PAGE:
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Cable w/resistor to Interface 8v Eurorack to 5v MU?
MUFF WIGGLER Forum Index -> Music Tech DIY  
Author Cable w/resistor to Interface 8v Eurorack to 5v MU?
renny3c
I've only built guitar pedals, amps
basically just a solder components kind of guy... (noob)

What I need is a way to connect my Eurorack Envelopes /Lfos into
5U / MU (Mos-Lab 8a) without dialing in necessary attenuation using a separate attenuator...

Using an external attenuator, I would need to "dial-in" a max of 5v, which would give the full range sweep

from what i understand all a passive attenuator really is is a sweepable resistor...

My idea is to build a cable (1/4 to 1/8) with a resistor inside the large connector in order to attenuate the full range of (0-8v) into (0-5v)

this way, it would be easy to interface these two modulars

is this at all possible? what resistor value would i need?
thanks, hope not to get completely flamed for my dumb idea!
thermionicjunky
If you can fit in two resistors, you could run the signal through a 120k followed by a 200k to ground (or 60k and 100k, or anything with the same ratio).
renny3c
so basically something like this? (ignore the '.' if not the drawing came out wrong)

Input --> --[res1]---> Output
...|.......................|
...|.....................[res2]
...|........................|
...v........................v
-------------------------->

with:
res1=120k or 60k
res2=200k 100K

the ratio used is of .6
so basically this would give me a max output voltage of 4.8V? (4.8/8=.6)

which is more than close enough, but just to make sure i understand the science of it

(8/5 = .625, .625 would be the perfect theoretical value?
thanks!
thermionicjunky
renny3c wrote:


(8/5 = .625, .625 would be the perfect theoretical value?
thanks!


R2/(R1 + R2) must equal 0.625.
renny3c
cheers, and thanks again!
daverj
The input resistance of whatever module you plug this into must be known and used in the calculation. The input resistance of the module it is going to acts as a resistor in parallel to R2. So R1 and R2 must be calculated with that in mind. Other wise the actual voltage will be smaller than you expect.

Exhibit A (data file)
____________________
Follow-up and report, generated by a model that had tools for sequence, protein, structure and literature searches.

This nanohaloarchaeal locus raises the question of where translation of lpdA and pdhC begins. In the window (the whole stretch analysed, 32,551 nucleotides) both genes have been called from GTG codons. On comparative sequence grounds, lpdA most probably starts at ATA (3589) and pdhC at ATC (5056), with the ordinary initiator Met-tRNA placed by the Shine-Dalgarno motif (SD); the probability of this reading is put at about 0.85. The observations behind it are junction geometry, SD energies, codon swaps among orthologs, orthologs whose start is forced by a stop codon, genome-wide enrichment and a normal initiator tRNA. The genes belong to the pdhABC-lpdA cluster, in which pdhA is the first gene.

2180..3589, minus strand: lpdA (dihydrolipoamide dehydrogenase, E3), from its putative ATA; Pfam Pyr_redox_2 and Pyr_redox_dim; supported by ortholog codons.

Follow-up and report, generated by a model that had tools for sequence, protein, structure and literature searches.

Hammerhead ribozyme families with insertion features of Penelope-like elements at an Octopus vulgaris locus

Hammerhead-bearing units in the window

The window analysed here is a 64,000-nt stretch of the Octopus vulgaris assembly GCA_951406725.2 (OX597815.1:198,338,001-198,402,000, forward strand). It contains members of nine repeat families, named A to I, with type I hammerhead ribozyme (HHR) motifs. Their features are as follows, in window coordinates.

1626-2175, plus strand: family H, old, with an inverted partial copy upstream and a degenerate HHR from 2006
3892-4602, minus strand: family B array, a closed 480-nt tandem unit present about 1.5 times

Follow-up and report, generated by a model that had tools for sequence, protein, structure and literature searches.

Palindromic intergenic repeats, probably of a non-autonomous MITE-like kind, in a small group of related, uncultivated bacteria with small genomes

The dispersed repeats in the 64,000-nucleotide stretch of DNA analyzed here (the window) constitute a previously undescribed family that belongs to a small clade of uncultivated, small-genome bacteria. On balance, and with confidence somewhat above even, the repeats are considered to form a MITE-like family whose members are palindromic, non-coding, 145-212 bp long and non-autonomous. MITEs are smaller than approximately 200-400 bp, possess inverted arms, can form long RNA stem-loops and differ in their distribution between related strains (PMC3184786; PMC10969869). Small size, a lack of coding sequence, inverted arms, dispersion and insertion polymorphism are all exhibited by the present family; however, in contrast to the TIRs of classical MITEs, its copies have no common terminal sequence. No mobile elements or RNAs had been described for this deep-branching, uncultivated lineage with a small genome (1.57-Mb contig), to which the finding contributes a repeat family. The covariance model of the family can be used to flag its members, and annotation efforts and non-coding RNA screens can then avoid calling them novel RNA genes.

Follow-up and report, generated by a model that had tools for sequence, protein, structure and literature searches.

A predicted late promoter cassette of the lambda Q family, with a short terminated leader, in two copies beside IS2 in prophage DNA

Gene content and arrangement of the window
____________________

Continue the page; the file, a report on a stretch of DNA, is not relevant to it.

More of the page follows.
Also, I would probably go with lower value resistors so that module input resistance has less effect on the result.

One advantage of a variable attenuator is it is adjustable, so you can turn it up as needed to compensate for input resistance.

For example:

feed 8 volts into a 60K with a 100K to ground, as described above, and you theoretically have 5 volts. But patch that into a module with a 100K input resistance and now you have 3.6 volts. If the module has a 50K input resistance, you get 2.8 volts.

If you go with much lower resistor values it puts more load on the module driving the signal, and a second issue comes into play which I'll get to in a second. Lets say instead of R1 being 60K we make it 10K. To turn 8 volts to 5 volts R2 would then need to be 16.666K. But we need to figure the input resistance into that. So if the most common modules on the 5U have 100K input resistances, then you need to factor that into the 16.666K value.

R2 = 1 / ( (1 / R_ideal) - (1 / R_input) )

So if R2 is 20K and the input module is 100K, those two in parallel equals 16.666K

So R1 = 10K and R2 = 20K going to a module with 100K input will turn 8 volts into 5 volts. If the module it's going to has a 50K input resistance, then the result is 4.7 volts. A lot less difference than the voltages shown earlier with large value resistors.